Microsoft has added the native Windows spell-checking tool to the Chromium codebase as part of its efforts to offer Chrome and Edge users multiple spell-checking options to choose from. Chromium currently uses the ‘Hunspell’ spellchecker that’s also used by a number of other open-source projects like LibreOffice and OpenOffice. Believed to have been first spotted by Windows Latest, the Windows Spellchecker will apparently coexist with Hunspell without replacing it forthright.

In a commit on the official Chromium Gerrit, Microsoft said: “This CL aims to implement windows spellchecker integration in Chromium project, so that user can switch to use windows spellchecker or hunspell spellchecker at run time. We need to implement platform agnostic interfaces to integrate windows spellchecker into Chromium. We also need to refactor some code to enable runtime switch between Windows spellchecker and hunspell spellchecker”.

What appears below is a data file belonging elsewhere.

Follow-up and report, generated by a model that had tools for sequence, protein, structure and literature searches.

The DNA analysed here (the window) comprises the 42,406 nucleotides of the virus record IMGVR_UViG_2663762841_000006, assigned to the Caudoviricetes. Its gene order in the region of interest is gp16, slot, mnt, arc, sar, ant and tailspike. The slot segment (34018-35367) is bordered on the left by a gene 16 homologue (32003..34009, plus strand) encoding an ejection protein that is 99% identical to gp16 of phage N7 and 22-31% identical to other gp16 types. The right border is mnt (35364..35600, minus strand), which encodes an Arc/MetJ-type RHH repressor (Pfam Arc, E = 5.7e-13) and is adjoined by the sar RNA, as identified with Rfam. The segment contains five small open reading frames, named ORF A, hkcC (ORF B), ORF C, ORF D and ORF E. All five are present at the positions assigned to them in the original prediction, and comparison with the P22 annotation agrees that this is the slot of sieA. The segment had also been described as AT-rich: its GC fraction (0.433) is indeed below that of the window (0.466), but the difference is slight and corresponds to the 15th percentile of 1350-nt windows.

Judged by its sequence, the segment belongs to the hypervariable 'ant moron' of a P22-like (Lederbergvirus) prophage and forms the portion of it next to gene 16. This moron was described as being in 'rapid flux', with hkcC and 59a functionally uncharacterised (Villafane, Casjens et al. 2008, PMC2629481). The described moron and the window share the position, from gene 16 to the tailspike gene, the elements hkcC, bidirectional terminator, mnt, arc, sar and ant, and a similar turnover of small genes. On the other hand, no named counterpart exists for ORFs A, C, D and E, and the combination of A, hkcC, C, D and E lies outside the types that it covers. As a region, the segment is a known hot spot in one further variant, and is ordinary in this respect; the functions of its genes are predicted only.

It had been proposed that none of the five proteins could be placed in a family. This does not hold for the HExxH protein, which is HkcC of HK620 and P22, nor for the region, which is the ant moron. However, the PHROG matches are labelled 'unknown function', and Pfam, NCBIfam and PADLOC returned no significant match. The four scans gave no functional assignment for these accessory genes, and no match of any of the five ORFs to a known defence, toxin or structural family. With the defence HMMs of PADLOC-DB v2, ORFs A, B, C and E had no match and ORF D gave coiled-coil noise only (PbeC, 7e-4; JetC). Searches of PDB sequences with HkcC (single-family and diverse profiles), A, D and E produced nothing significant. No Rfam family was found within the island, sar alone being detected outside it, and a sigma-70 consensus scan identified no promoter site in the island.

The latest development will allow users of Chromium-based browsers the option to choose their own spellchecking option rather than having to rely on the default software. According to Windows Latest, a new flag called “Use the Windows OS spellchecker” is already available in the latest Chrome Canary build, though it doesn’t seem to be available in Edge Canary just yet. There’s no word on when that will happen, but it shouldn’t take Microsoft too long to implement the change.

To recall, Microsoft is migrating its Edge web-browser from the proprietary EdgeHTML engine to open-source Chromium, and towards that end, has been actively contributing to the engine’s codebase over the past year. Of course, with the continued adoption of cloud computing and the resultant increase in the importance of Azure in the Microsoft scheme of things, the company has been increasingly embracing all things open-source to position itself as open-source-friendly against Amazon’s allegedly open-source-unfriendly AWS.